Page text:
A paper published in the journal History of Economic Ideas (vol. 6, no. 2, 1998, pp. 97-122) looks at this question. Patrick J. Welch wrote on "Mercantilism and Fascism".
The abstract reads,
Parallels are drawn along several lines to support the argument that fascism is the closest 20th Century counterpart to mercantilism. The paper is divided into three sections. In the first, mercantilism and fascism are compared in terms of timing, empires, and problems of conceptualization. In the second are compared objectives relating to power and plenty, and tenets concerning trade and precious metals, wages and population mobility, and the place of the state and individual. In the final section are compared practices of mercantilism and fascism as they relate to the implementation of regulation, the role of business interests in regulation, and warfare.Welch's conclusion includes
Such was not a concern for the 20th Century fascist regimes in Germany and Italy. Like mercantilism from the earlier time, their primary focus, without apology to the citizens, was on the wealth and power of the state.So the question is, just how close is what we see happening today to the mercantilism of old? In terms of trade policy, much of recent US policy could be considered mercantilism, or at least neomercantilism, and you could argue that the power of the state and the role of national state - "make America great again" - is important to the pragmatic policies we see being put in place. It's not clear there are any underlying principles driving policy in the US right now. And the dominant role of the state implies a subordinate role for the individual. Much of the industrial policy being put in place is more pro-business - at least for some business - than pro-market.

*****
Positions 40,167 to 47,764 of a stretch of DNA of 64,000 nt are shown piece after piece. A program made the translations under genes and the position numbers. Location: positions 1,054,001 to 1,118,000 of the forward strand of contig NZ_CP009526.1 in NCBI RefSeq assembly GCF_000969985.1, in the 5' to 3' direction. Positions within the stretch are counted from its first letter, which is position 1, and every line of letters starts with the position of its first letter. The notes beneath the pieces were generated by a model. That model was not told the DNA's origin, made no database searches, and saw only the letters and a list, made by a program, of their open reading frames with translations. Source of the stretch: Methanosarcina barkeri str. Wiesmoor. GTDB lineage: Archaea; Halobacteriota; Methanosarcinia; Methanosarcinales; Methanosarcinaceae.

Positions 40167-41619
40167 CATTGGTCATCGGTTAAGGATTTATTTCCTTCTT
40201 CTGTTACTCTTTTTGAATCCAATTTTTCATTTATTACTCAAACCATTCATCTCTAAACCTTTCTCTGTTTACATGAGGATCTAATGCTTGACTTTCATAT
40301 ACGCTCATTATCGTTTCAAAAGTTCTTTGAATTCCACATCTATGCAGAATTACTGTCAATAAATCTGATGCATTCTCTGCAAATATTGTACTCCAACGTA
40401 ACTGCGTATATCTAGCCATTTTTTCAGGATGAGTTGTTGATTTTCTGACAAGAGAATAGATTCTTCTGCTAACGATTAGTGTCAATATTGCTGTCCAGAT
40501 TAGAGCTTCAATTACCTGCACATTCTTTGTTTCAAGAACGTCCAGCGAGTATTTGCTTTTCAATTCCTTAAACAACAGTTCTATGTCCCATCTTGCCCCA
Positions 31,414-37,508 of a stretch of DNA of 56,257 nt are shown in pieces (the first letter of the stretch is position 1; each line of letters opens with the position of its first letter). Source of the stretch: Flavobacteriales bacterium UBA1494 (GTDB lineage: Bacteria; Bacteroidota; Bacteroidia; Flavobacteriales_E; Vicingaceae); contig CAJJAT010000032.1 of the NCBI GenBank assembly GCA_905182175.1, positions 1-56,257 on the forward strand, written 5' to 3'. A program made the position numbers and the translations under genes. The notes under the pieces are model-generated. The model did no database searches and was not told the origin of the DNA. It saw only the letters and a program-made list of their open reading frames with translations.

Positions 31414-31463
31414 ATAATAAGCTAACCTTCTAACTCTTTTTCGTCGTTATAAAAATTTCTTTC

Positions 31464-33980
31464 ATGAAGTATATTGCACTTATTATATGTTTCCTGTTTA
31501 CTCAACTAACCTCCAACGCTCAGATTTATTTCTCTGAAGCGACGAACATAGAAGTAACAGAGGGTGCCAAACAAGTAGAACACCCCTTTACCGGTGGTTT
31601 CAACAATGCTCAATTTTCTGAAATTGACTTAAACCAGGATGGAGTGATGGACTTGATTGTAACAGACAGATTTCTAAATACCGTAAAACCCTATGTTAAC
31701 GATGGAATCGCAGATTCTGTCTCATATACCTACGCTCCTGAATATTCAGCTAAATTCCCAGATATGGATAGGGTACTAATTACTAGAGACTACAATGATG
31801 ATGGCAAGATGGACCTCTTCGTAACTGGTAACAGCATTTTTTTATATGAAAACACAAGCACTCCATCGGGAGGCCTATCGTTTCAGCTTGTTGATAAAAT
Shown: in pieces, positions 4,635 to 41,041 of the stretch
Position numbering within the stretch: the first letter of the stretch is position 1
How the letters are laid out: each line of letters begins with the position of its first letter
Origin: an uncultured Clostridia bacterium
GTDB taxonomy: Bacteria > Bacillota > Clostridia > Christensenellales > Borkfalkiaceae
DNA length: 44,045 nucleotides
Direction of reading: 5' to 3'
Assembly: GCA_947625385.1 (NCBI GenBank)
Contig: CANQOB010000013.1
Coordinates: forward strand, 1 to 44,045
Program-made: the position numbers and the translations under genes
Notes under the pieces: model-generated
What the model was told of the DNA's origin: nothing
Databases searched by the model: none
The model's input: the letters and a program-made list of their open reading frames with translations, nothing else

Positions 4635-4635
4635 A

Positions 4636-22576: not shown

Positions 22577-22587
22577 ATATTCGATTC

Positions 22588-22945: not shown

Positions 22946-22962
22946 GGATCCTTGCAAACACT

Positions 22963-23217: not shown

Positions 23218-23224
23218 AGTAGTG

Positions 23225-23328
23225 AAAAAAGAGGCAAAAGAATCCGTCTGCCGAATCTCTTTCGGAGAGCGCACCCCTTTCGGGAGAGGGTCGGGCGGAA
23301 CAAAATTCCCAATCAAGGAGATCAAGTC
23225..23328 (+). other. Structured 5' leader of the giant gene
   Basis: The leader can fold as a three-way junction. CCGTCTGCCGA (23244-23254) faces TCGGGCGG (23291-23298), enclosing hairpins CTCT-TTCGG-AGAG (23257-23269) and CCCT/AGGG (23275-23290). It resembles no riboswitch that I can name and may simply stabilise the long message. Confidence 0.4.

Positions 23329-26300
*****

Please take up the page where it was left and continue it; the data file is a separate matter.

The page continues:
The parallel between modern neomercantilism and mercantilism is limited largely to the place of government in, and objectives of, trade policy. Many more parallels can arguably be drawn between fascism and mercantilism. The timing of both with reference to the formation of the national state was similar. Empire was important in both mercantilism and fascism, although the short life of the fascist regimes did not offer enough time to realize territorial ambitions. The concepts of both mercantilism and fascism were criticized for being more pragmatic than founded on rigorous principles, of questionable use in describing specific situations, and carrying offensive implications. Relative power and unification were important in both mercantilism and fascism, and the relationship of power and plenty in its role in unification was in dispute in both cases. Mercantilism and fascism shared comparable tenets on trade policies and bullionism, low wage and migration policies, and the dominant role of the state and subordinated role of the individual. Finally, regulation was extensive and the business community appeared to be a beneficiary of regulation under both systems, and warfare ranked high among the priorities of both systems.